8:00pm – Wednesday, July 29 on ABC1
Hosted by James O’Loghlin, The New Inventors is bursting with the innovative and the imaginative, the unique and the unusual, the fantastic and the fascinating. Deciding the winner of these three inventions are: engineer James Bradfield Moody, designer Alison Page, and woodworker and teacher Richard Vaughan.
Inventions featured on the program:
BAMBOO DE-BRANCHER – by inventor Alya Manzart from VIC.
Bamboo is a sustainable resource that is vital for millions of people around the world. Over the last 20 years, bamboo has become a very valuable and often superior substitute for wood, used as a major construction material in many countries. Bamboo is the fastest growing plant in the world, and has great potential in an emissions trading future as a strong sequester of carbon emissions. Despite bamboo’s resurgence in modern applications, the methods and tools used to harvest it are stuck far in the past. Current techniques exclusively involve the use of hand tools, in a labour-intensive process that tends to damage the surface of the bamboo. It is also dangerous to use such sharp tools for long working days, requiring great skill and concentration from the harvester to work unharmed. Alya Manzart is a 20-year-old dance student at Victorian College of the Arts, and is a finalist in INNOVIC’s International Next Big Thing Award 2009. While on school holidays, he worked at his aunt’s farm harvesting bamboo and was inspired to invent a better tool for the job. The Bamboo De-brancher is a power tool that quickly and safely cuts the sideways branches from bamboo in addition to cutting it at its base. The device does not damage the stem, making the wood suitable for high-grade flooring and furniture. This invention, the first power tool ever created for bamboo harvesting, is used out in the plantation field, reducing the number of steps in the harvesting process. In a videotape presentation featuring Sathi the red panda from Melbourne Zoo, Alya Manzart demonstrates his invention, showing how at 20 years of age, he may have revolutionised a growing industry around the world.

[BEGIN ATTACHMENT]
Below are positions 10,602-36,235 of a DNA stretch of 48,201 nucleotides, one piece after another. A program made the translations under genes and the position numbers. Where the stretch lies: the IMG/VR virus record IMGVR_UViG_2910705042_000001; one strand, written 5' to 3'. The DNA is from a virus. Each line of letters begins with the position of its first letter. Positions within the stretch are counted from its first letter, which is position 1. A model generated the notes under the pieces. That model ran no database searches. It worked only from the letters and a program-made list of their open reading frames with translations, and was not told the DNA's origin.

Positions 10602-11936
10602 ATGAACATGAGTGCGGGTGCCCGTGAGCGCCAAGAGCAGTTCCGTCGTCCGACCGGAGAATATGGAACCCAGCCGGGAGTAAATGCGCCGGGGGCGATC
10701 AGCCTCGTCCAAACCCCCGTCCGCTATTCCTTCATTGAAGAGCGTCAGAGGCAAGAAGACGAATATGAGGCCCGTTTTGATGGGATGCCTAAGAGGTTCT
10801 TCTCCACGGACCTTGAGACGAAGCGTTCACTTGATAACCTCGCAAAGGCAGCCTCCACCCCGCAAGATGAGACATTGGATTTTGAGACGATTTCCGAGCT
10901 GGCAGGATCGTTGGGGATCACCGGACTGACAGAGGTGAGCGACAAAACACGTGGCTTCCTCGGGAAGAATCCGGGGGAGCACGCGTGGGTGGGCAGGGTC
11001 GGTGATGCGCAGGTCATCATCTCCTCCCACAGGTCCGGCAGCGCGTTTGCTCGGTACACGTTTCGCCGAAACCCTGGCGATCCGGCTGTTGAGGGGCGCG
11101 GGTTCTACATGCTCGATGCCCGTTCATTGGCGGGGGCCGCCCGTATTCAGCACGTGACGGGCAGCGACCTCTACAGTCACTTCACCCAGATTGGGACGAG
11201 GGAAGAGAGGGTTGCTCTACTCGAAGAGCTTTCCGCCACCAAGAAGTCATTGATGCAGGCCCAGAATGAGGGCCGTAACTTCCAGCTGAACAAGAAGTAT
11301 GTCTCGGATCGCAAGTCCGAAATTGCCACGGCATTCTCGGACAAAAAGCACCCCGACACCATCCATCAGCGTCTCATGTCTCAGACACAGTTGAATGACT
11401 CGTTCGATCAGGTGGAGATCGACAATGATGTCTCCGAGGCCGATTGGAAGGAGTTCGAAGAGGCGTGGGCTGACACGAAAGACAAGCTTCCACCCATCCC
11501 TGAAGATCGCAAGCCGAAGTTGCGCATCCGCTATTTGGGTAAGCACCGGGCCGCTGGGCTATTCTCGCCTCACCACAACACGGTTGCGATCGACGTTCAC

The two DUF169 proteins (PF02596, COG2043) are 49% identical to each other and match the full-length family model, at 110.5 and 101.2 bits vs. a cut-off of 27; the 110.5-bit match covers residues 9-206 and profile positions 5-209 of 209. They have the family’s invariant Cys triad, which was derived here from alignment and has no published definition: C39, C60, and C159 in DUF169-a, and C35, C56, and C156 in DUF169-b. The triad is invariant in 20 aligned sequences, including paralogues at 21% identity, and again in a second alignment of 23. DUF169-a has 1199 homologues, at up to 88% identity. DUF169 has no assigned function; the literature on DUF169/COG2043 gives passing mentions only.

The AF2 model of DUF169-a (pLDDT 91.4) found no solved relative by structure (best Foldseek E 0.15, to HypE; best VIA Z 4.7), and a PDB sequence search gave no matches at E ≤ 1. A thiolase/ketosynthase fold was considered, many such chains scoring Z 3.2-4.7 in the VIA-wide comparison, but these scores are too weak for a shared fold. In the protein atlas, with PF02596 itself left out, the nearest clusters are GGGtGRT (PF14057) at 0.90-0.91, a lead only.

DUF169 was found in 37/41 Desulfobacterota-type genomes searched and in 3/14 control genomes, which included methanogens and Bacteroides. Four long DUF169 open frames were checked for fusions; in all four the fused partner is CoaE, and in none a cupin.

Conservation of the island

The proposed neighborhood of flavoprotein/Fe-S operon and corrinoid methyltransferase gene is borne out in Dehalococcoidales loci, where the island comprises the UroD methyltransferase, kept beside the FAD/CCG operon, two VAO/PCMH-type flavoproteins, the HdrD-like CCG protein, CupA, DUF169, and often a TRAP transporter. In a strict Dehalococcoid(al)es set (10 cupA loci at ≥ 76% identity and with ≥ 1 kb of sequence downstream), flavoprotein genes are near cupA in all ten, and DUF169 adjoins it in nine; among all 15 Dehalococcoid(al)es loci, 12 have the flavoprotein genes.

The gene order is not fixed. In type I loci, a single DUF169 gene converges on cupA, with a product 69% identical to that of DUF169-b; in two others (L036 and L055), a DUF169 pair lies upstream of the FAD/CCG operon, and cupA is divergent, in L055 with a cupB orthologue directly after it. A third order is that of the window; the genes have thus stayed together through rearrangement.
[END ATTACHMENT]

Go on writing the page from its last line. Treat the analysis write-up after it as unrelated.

STREET SWAG – by inventor Jean Madden from QLD.
On the last census night, 105,000 Australians were homeless, and 15,000 were sleeping rough on the streets. Street Swags are a durable, comfortable, discreet, and water proof bedding for the homeless, which also converts into a bag that can carry their extra belongings. 27-year-old inventor Jean has given away over 11,000 Street Swags to the homeless through a network of charitable groups. They were also able to provide hundreds more to the Victorian bushfire victims within hours of them becoming homeless.
CHEK-WAY ELIMINATOR – by inventor Roger Sack from QLD.
Australia’s freight deliveries are set to double by 2015. This means we can either double the number of trucks on our roads, or increase the allowable loads on the trucks we have. These vehicles will need to be monitored by GPS to ensure that they stay on roads capable of accommodating heavier loads. Chek-Way Eliminator monitors pressure in the air springs or airbags and converts this reading into kilograms, displayed on an LCD meter inside the vehicle. The invention is also able to monitor spikes in the roads’ roughness, and send this data back to the office via email. This will enable the authorities to monitor road quality and respond more quickly to any road degradation in need of repair.
The New Inventors will be repeated on ABC2 – Friday, July 31 at 4:30pm